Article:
computer image

Technology Tip of the Month

April, 1996: Using Screen Shots
To Make More Readable Handouts

by Deborah Healey
As software becomes increasingly graphical, whether on the Macintosh or with Windows, it is harder to make a handout explaining what students are to do with a program just in words. Describing what they see on the screen is much clearer with a picture -- a screen shot.

The screen shot can then go into a word-processed document with the explanation of how students are supposed to use the program.

Screen shots are also very helpful when taking graphics from the Internet or other programs such as encyclopedias (with appropriate attention to copyright, of course).
First, a definition of terms:
Screen shot
sample screen A copy of a computer screen (usually just part of the screen) that can be put into text form or used in electronic form. The graphic on the right is a screen shot (reduced in size) of Eudora Pro's options menu.
To preserve in time; to make a screen shot
Command key
On the Macintosh, the Apple or "cloverleaf" key
To make an image smaller by cutting off parts of the edges. You lose part of the picture when you crop.
To make an image larger or smaller, usually proportionally. The picture may become hard to read if you resize too much.
A working area on the screen, usually marked by borders. Both the Mac and Windows allow several windows to be open at the same time.

You can take screen shots using either the Macintosh or Windows using just what's built into the operating system. It's also possible to use shareware or commercial programs that make screen shots a bit easier. The following explanation will focus on the built-in methods for screen shots.

Getting ready

  1. The first step is to find something you need to take a picture of, often the opening menu of a program.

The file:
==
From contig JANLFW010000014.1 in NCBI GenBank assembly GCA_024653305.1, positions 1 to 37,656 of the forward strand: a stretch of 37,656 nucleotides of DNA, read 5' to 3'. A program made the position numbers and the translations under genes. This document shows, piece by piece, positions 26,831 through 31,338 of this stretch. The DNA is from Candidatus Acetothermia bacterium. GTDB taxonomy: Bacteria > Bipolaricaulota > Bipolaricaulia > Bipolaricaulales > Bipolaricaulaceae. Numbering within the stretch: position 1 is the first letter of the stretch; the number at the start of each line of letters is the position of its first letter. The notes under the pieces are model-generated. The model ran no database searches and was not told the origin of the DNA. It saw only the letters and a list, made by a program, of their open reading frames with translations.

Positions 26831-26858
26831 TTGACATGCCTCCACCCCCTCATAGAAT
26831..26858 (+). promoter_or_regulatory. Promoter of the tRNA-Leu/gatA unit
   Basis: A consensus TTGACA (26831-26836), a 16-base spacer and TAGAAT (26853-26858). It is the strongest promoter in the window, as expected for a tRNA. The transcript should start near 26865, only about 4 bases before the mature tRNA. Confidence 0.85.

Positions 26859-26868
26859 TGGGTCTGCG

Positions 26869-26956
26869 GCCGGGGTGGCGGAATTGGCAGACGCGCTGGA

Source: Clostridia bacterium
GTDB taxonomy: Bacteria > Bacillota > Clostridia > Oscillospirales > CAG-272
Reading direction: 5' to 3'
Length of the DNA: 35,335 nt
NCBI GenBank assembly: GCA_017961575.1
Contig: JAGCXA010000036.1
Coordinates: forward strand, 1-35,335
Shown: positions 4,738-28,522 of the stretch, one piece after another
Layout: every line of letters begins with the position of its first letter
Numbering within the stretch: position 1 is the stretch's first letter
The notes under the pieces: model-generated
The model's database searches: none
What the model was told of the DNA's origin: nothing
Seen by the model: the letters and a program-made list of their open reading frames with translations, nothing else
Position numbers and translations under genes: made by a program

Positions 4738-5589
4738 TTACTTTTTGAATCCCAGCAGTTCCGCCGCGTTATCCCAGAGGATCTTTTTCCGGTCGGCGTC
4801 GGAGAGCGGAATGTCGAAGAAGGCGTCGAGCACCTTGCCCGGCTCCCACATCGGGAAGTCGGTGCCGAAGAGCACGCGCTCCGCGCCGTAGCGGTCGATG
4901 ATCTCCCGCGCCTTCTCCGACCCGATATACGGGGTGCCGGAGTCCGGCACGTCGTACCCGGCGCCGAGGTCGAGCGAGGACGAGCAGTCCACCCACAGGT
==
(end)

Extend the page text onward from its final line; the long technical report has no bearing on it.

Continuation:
2. If possible, position the window so that the top of what you want to 'shoot' is at the top left corner of the computer screen.
  3. Move the mouse until the pointer is appropriately placed -- either off the window entirely or pointing to what the student needs to click on.
  4. Take the screen shot (see machine-specific techniques below)

On the Macintosh

The built-in method is to hold Shift and Command and press 3 (Shift-Command-3). You only need to press 3 once. If you are using System 7, this will save a picture on your disk called Picture 1 (and continuing sequentially from there).

If you are using System 6, the picture will be called Screen 0 and continue to Screen 9. You can't take more than 10 screen shots under System 6 until you rename the old ones so they no longer say Screen 0-9.

Now you have a couple of choices.
If the picture looks fine as is, just open your word-processor, then choose Open from the File menu and open the Picture file. This will work with most word-processors. See "Putting it into the Word-processor" below for more details.

If you want only a piece of what was on the screen or if your word-processor won't open the Picture file, you'll need to move the picture into a graphics program first -- see "Cleaning up the Picture" below.

Under Windows (3.1 or '95)